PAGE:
126 pages, 8 1/2 x 11
Paperback
Release Date:01 Oct 2015
ISBN:9780816510023
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Ejidos and Regions of Refuge in Northwestern Mexico

SERIES:
The University of Arizona Press
The ten essays in this volume present case studies of different cultural groups in northwestern Mexico, analyzed through the concepts of enclaves and regions of refugee initially proposed by Edward Spicer and Gonzalo Aguirre Beltran.
Taken together, these essays, accompanied by suitable maps and revealing photographs, provide a solid, useful update on these ethnic ways in northwestern Mexico and anthropological interpretations of them.”—American Anthropologist
 
“This slim but important volume is a transitional work, one that attempts to bridge two very different traditions in the anthropological study of indigenous communities. . . . Succinct and provocative.”—American Indian Quarterly

“Many of the ideas expressed are provocative, much of the information is new; the bibliography is extensive.”—Arizona Daily Star
N. Ross Crumrine, one of the few outsiders able to communicate in the Mayo language, spent several years in resident field research among the Mayo of southern Sonora. His major focus has been on the relationship between rapid economic and technological change and cultural stability and dynamics. He has conducted comparative field research in the Catacaos area of Piura, the northwest coast region of Peru, which provides a broad basis for the analysis and understanding of the northwestern Mexican data. Crumrine received a doctoral degree from the University of Arizona in 1968 and is a Professor of Anthropology at the University of Victoria in Canada. Among his numerous publications are The Mayo Indians of Sonora: A People Who Refuse to Die and The Power of Symbols: Masks and Masquerade in the Americas, edited with Marjorie Halpin.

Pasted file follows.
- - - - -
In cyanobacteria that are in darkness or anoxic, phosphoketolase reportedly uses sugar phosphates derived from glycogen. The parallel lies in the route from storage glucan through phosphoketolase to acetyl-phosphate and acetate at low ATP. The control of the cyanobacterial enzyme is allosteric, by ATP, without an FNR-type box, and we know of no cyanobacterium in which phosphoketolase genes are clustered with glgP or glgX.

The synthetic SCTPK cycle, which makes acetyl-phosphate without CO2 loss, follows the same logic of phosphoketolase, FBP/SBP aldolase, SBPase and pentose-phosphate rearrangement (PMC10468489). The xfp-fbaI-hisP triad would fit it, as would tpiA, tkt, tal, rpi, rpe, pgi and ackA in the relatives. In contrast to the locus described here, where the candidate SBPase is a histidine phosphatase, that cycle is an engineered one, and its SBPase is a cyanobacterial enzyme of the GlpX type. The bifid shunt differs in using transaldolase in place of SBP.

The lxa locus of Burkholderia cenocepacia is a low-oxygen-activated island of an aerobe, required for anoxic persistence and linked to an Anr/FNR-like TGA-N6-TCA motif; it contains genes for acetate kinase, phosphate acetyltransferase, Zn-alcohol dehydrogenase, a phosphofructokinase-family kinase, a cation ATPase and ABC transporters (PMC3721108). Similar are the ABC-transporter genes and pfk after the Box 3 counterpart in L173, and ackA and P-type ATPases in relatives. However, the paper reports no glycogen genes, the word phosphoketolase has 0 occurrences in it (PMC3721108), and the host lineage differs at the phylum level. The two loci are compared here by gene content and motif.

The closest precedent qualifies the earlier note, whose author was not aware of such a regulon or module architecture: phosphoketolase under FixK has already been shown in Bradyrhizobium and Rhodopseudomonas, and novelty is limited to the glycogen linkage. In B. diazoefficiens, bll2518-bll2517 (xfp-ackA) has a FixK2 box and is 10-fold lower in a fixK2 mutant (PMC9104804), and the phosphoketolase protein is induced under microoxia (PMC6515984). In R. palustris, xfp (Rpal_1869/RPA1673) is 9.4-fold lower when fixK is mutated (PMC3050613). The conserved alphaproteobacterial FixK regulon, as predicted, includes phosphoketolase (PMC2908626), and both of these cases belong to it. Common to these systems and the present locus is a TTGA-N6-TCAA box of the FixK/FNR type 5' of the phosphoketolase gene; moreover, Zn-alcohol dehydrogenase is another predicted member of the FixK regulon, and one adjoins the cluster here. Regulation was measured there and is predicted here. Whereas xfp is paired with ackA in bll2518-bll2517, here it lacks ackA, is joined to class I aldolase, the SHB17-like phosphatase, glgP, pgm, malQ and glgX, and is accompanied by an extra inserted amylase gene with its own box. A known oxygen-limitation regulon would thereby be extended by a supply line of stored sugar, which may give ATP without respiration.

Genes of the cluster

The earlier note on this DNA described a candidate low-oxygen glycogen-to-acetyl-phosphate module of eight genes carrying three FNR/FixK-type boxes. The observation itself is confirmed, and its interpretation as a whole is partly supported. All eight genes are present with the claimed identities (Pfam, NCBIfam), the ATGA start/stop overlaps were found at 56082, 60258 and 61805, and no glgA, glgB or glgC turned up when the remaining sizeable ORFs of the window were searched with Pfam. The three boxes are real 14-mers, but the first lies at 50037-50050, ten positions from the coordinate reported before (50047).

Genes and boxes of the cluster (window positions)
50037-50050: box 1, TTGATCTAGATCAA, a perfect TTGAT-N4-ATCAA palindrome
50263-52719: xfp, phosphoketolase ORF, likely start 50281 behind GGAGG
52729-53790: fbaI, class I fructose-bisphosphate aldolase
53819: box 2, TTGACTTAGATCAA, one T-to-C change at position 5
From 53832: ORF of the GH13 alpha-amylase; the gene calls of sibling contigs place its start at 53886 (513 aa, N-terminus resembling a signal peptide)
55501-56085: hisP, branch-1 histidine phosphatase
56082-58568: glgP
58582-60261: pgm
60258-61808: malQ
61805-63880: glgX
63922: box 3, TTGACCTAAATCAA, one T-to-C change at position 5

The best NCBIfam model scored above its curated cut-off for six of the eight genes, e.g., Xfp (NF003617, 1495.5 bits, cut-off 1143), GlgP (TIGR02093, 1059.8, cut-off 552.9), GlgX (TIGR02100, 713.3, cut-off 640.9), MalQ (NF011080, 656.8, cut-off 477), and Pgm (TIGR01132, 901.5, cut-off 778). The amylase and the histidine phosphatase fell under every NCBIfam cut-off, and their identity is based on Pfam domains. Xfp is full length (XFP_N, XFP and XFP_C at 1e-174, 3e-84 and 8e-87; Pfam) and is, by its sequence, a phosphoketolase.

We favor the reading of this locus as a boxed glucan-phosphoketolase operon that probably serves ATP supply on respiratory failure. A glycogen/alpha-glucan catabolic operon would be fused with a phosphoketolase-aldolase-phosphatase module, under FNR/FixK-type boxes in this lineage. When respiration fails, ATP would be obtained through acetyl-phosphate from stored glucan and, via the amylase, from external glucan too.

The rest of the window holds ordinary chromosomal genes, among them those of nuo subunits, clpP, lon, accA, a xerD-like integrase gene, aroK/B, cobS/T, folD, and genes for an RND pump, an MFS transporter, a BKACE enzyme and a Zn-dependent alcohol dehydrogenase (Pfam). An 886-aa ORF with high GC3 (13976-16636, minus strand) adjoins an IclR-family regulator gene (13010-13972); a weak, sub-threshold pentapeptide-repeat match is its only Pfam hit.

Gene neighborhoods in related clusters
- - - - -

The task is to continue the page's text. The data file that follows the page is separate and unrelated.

Phil C. Weigand has specialized in the archaeology and ethnography of western and northwestern Mexico. His primary interests are in economic and social organization in an archaeological and historical perspective, and he has done fieldwork throughout the American Southwest and Mexico. He holds a Bachelor of Arts degree in History from Indiana University and a doctoral degree in Anthropology from Southern Illinois University. Dr. Weigand is a member of the faculty at the State University of New York, Stony Brook and is Chairman of that Department of Anthropology. Recent publications include Mining and Mining Techniques in Ancient Mesoamerica, edited with Gretchen Gwynne, and The Archaeology of Western and Northwestern Mesoamerica, edited with Michael Foster.
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